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Walk in Africa Blog - Capturing the Spirit of Africa and Nature
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13 Jun

The time of the Impala Lily

This is a very special time in the lowveld, because it is now that the beautiful Impala Lily flowers. For most of the year these plants are devoid of both leaves and flowers. This assists in reducing water loss in the harsh arid environment in which these plants survive. As an added adaptation to survive the harsh dessicating environment these plants store water in their stems and have a cylindrical shape - which minimises surface area (over which the plant loses water) relative to its volume....

9 Jun

What a start to a fantastic safari

Every safari is wonderful and each is unique but where else in the world can one be fly -fishing at sunrise and watching lions devouring a buffalo at sunset?   That is exactly what we did on the first day of my recent safari with Jacqueline & Grant Day. We were landing ( & releasing) four and five lb trout as the eastern horizon turned red. And when the sun set on the same glorious day we were watching a pride of fourteen lions feeding on a buffalo.   When I sort-out video editing, I'll...

2 Jun

Beautiful Desert Flowers

By the time you receive this newsletter I will be on a new adventure, about which you will receive news at a later date. However today I am thinking about the beautiful flowers which I saw earlier in the year in the Succulent Karoo. The genus Polygala is a very large genus with wide distribution throughout the world. They are recognisable by their wing-like flowers with stamens and style protruding like a brush. This Karoo specimen was clearly recognisable as a Polygala, but because of its desert habitat it possesses thicker succulent...

26 May

The story of Blitz & Chippie

I have posted about Cape Fur Seals before but this post is different and deals with a controversial character and his relationship with some seals. Seals are large animals with adult females weighing about 120 kg and males weighing between 200kg & 300kg. They possess large sharp teeth used for capturing and grasping their prey as well as for defence. Blitz is a heavily tattooed, cantankerous, scary-looking character who is often to be found at a local harbour. Over the years he has developed a relationship with the wild seals that frequent...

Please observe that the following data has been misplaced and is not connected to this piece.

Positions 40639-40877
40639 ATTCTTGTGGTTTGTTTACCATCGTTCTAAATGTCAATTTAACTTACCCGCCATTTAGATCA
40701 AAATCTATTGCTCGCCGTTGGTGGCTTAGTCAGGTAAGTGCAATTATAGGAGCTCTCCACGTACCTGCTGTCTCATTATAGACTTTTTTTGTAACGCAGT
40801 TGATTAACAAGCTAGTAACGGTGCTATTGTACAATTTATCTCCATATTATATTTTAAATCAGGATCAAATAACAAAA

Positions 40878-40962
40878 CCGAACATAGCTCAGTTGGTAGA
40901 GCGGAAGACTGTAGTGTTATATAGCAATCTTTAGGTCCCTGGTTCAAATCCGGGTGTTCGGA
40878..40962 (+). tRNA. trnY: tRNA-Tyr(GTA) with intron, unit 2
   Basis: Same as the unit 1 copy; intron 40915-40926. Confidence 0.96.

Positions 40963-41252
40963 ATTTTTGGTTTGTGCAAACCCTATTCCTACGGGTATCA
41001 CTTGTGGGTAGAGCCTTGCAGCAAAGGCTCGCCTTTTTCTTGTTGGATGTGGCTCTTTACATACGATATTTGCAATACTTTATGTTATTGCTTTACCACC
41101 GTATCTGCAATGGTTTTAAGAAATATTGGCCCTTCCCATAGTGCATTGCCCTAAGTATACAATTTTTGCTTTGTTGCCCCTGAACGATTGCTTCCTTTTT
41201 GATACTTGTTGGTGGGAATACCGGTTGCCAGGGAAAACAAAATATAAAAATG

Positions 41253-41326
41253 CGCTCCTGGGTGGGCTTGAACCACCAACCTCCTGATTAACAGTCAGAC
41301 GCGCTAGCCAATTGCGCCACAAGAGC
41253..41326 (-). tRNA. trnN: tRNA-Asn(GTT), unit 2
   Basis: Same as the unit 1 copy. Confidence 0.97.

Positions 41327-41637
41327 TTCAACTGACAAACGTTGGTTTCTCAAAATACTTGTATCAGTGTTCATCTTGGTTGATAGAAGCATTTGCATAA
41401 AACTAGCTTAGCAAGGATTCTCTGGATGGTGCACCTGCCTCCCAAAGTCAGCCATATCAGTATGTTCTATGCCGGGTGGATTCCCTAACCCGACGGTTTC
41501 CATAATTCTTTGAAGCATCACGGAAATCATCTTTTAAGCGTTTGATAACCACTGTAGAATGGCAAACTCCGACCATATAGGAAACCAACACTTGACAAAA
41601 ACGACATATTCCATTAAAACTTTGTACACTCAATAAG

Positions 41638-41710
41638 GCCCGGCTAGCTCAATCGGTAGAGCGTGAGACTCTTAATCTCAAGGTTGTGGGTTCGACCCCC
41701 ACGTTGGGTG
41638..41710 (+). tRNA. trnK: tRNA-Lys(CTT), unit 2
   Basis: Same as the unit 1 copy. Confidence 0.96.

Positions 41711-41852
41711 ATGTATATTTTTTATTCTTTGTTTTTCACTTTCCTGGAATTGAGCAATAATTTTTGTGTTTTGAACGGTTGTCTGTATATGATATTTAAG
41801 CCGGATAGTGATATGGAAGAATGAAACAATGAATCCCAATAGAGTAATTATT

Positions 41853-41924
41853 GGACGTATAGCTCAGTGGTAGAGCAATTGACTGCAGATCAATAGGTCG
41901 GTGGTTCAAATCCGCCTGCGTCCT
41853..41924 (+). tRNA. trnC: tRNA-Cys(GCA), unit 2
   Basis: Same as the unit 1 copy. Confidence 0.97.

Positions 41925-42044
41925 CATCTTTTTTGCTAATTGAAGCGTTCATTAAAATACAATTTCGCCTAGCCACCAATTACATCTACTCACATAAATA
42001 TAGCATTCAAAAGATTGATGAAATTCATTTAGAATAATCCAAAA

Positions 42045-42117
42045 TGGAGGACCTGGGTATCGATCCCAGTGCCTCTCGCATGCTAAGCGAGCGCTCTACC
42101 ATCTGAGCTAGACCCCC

19 May

Look beyond

The Cape coast is characterised by having enormous forests of kelp (Ecklonia maxima). These remarkable plants grip the substrate with a holdfast and grow rapidly to the sea surface, where they maintain their position by way of a gas-filled bladder that ensures that their fronds are maximally exposed to sunlight for photosynthesis. Besides being a characteristic feature of our shores, these kelp forests are vitally important in the ecology of the area. They act as a baffle, reducing the strength of the high-energy currents and providing a protected zone in which...

4 May

A spider on the world wide web

My travels and guiding have prevented me from writing a newsletter for quite a few weeks so I feel that I owe it to you to write a special piece this week. On my most recent safari we spent a few days at Umlani Bush Camp and after the massive March rains the bush was still very lush. Most noticeable was the enormous numbers of Banded-Legged Golden Orb-Web Spiders (Nephila senegalensis) on their giant webs. They were present in such large numbers that it was impossible to avoid damaging some...

8 Apr

The Succulent Karoo

I have recently returned from an extended stay in the Succulent Karoo. one of the unique biomes of South Africa. To many people this arid region appears boring and of little ecological value however nothing could be further from the truth. This area has the greatest plant diversity of any arid area in the world and is home to a staggering 3,000 different succulent species. Many of these bear showy flowers when conditions are suitable and most (like that shown below) are members of the Mesembryanthemaceae (sometimes classified as Aizoacaea).   As...

17 Mar

A very clever fool

It is generally known as the April Fool but this strikingly beautiful flower is no fool. I was leading a group from KE Adventures UK. We were wading through a sea of fynbos when we came across this flower that stopped us in our tracks. If you look closely you will notice that the leaves of the plant have died-back but the flower is in full bloom. Right now we are experiencing the driest, harshest period of the year with dessicating South-Easterly winds. The leaves of these plants are broad and strap-like and have...

11 Mar

Back from the brink (part two)

In the past few months I have been extremely fortunate to see Cape Mountain Zebra several times. Many people think a zebra is a zebra is a zebra, but this is not true at all. The Mountain Zebra differs considerably from the Plains Zebra which is commonly seen in many parts of Africa. As you can see in this photo the Mountain Zebra have a distinct dewlap on their throat. Not only are their black stripes narrower and more numerous but they lack the faint shadow stripe seen in Plain's Zebra and...

3 Mar

Lies & deception in the plant world

Last week on another platform I promised to tell an intriguing story about  that beautiful Disa ferruginea (The Cluster Disa). The story is set in the Western Cape amongst the fynbos. This area is characterised by soils that are low in nutrients. An important character in this story is the Pride of Table Mountain (Aeropetes tulbaghia), a strong flying butterfly that is obsessed with the colour red. In its search for food this butterfly is attracted to the red flowers of Tritoniospis triticea (Mountain Pipes) from which it obtains a reward...